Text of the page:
Published by Self on 10/22/20
Genres: Women's Fiction
Buy on Amazon US
Find the Author: Website, Blog, Twitter, Facebook, Goodreads, Amazon, Instagram, Newsletter
One year ago, I buried my husband.
One year ago, I held his hand and said goodbye.
Now I spend most of my days lost somewhere between trying to remember every smallest detail of our lives, and trying to forget it all. I fill my hours with work until I’m too exhausted to remember him, to feel anything at all.
One year, 365 days—and then one knock at my door changes everything. A letter from him, a last request, a secret will:
My dearest Nadia,
Trust me, my love. One last time, trust me. Sometimes the epilogue to one story is the beginning of another.
One year, 365 days—and then one knock at my door changes everything.
The Cabin, an all-new beautifully written, emotion filled romance from Wall Street Journal bestselling author Jasinda Wilder is available now!
The Cabin by Jasinda Wilder was an emotionally charged story with so many feels. Nadia has always loved her husband. Their love something they treasure. But when she loses him, she is devastated and barely living. Imagine her surprise when a year later, she receives a letter that reminds her she is still alive. I do not want to say too much, so what I will say is it was poignant, heartbreaking and yet, full of hope. I cried, cheered and just devoured this story and The characters were captivating. I loved this story highly recommend it!
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“All right, Mr. Bell. You’re all set here, I think.”
The nurse is that peculiar, unique brand of brusque efficiency and Zen-like kindness you only find in an oncology department. She fiddles with the IV line puncturing my left arm, the off-white, veiny medical tape securing it to my forearm. Her eyes are brown, the exact shade of a chocolate Labrador’s fur. She is warm, and caring, but lurking beneath that veneer of caregiver kindness is the detached iciness of someone whose job it is to watch people die.
“It will take a couple hours for this to drip through, and then we have to monitor you for—”
“I know,” I interrupt. I open the lid of my laptop. “I’ve been through this a few times.”
She smiles. “Of course, Mr. Bell. If you need anything, just press the call button.”
I hesitate a few seconds and then say, “There is something.” Then I glance at the curtain which is not quite pulled shut.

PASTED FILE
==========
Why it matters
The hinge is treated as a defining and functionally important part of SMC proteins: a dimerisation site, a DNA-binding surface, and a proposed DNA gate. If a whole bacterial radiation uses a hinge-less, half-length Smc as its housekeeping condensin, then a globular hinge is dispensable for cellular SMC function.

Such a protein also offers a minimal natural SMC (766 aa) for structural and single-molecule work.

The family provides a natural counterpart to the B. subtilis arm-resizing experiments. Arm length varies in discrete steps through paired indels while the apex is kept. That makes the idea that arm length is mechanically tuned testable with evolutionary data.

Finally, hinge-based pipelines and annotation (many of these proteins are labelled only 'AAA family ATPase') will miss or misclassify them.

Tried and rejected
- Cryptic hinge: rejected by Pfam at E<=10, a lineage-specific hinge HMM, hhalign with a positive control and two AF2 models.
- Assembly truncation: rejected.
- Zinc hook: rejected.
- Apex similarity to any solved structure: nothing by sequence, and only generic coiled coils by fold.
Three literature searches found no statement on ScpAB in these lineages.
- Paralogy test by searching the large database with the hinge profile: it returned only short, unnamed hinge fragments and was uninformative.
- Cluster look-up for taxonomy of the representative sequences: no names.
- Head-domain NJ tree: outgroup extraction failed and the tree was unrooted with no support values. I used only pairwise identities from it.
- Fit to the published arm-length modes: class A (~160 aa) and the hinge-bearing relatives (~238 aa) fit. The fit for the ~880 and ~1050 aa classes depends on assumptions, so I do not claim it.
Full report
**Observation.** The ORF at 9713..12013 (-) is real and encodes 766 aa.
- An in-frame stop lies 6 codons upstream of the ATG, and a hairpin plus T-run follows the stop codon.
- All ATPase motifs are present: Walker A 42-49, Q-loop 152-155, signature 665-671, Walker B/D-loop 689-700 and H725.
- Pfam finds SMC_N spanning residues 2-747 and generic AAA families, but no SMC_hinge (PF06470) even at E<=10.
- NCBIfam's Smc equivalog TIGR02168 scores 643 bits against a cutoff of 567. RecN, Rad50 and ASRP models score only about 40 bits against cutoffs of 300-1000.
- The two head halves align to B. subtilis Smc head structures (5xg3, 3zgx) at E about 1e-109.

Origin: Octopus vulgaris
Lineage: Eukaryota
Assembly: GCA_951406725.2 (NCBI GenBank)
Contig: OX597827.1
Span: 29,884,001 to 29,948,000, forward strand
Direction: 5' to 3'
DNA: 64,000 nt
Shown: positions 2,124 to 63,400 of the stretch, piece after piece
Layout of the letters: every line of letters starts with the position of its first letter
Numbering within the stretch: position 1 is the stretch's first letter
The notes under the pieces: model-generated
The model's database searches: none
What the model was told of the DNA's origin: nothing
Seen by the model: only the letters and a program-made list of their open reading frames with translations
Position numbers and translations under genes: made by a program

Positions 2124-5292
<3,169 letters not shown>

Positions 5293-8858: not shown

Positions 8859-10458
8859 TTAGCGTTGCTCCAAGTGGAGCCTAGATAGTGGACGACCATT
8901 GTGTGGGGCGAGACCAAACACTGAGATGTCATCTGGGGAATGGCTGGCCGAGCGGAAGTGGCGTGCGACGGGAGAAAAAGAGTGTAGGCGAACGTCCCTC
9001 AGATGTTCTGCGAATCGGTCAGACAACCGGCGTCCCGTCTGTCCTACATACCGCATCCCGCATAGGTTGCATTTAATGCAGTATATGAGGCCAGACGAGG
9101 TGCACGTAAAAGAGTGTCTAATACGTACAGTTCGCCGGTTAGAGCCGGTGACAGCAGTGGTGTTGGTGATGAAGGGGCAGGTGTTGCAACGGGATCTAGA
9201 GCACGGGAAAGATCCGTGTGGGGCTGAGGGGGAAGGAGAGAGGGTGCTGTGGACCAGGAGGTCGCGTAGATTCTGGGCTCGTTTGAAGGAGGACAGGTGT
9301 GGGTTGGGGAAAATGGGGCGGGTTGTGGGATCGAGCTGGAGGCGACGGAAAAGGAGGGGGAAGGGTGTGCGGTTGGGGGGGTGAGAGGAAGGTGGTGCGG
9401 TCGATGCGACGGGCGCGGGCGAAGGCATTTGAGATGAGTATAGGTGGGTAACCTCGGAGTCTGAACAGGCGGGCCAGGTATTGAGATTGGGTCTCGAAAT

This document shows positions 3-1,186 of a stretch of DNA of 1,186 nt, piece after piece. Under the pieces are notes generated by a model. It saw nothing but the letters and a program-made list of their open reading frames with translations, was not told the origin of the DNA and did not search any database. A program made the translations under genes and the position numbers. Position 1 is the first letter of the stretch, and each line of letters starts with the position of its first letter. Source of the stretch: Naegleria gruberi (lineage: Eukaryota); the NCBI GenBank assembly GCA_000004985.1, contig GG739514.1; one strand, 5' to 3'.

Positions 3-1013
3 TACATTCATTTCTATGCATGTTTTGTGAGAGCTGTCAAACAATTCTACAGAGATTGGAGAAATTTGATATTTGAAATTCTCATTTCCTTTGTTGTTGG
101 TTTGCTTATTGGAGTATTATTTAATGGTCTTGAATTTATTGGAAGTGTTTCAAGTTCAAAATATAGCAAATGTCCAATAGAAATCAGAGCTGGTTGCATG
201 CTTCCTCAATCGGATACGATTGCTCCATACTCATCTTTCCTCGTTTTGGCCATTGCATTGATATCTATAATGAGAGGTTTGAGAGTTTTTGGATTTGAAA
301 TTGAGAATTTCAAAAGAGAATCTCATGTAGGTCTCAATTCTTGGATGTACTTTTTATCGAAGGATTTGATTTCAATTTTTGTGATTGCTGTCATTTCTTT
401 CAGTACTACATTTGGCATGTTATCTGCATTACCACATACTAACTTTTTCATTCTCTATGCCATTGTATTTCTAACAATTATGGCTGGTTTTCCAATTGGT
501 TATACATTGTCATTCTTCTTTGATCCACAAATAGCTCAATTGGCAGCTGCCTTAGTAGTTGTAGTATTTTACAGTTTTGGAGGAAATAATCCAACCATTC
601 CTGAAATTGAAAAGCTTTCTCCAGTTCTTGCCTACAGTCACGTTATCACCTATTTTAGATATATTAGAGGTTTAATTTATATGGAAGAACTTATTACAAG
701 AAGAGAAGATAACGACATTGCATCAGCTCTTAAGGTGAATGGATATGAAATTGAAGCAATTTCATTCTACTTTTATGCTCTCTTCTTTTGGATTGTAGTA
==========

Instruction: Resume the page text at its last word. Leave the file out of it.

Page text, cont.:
She catches my meaning and brings the two ends of the curtain together, the metal rings rasping with a rattling ring. “What can I do for you, Mr. Bell?”
I reach into my messenger bag, sitting on the floor next to this monstrosity of a chair—a freakish, Frankensteinian thing, not quite a lounger and not quite a clinical, medical device, but something in between. It’s made from a rubbery plastic or vinyl material that squeaks at every slight movement, and is too hard and too upright to be truly comfortable, but when you kick back in it and lift the footrest, it forces you into a near-horizontal recline in an unnatural defiance of gravity.
The chair is distracting, and I hate the chair almost as much as I hate the ward, the IV, and the whole damned morbid circus.
In my bag is a thin manila folder. On the label I’ve written three letters in neat block handwriting, in black Sharpie: NDA. I withdraw a single sheet of paper, on which are two and a half paragraphs, single-spaced. It’s in tight, clear legalese, drawn up by my attorney, printed on formal, intimidating letterhead. I hand it to the nurse whose nametag, clipped to her pale green sleeve, announces her as Tiffany Snell, R.N, O.C.N.
“This is an NDA, a nondisclosure agreement.”
She allows a frown, briefly. “Okay?”
I keep my voice low, not whispering, but pitched for her ears only. “I’m here alone, as I’m sure you’ve noticed.”
“Yes. Which is why your observation period has to be so long.”
I reach into my bag and pull out a pen—it’s a nice pen, hefty, metal, with a satisfying clicker, and on the side is my name: Adrian Bell, and my logo, a coat of arms with my monogram. It’s recognizable to most people, that logo; you see it on the title page of my books, on my website, and expensively animated as a production company logo during the title sequences when you watch movies made from my books. I hand her the pen, tap the NDA with it.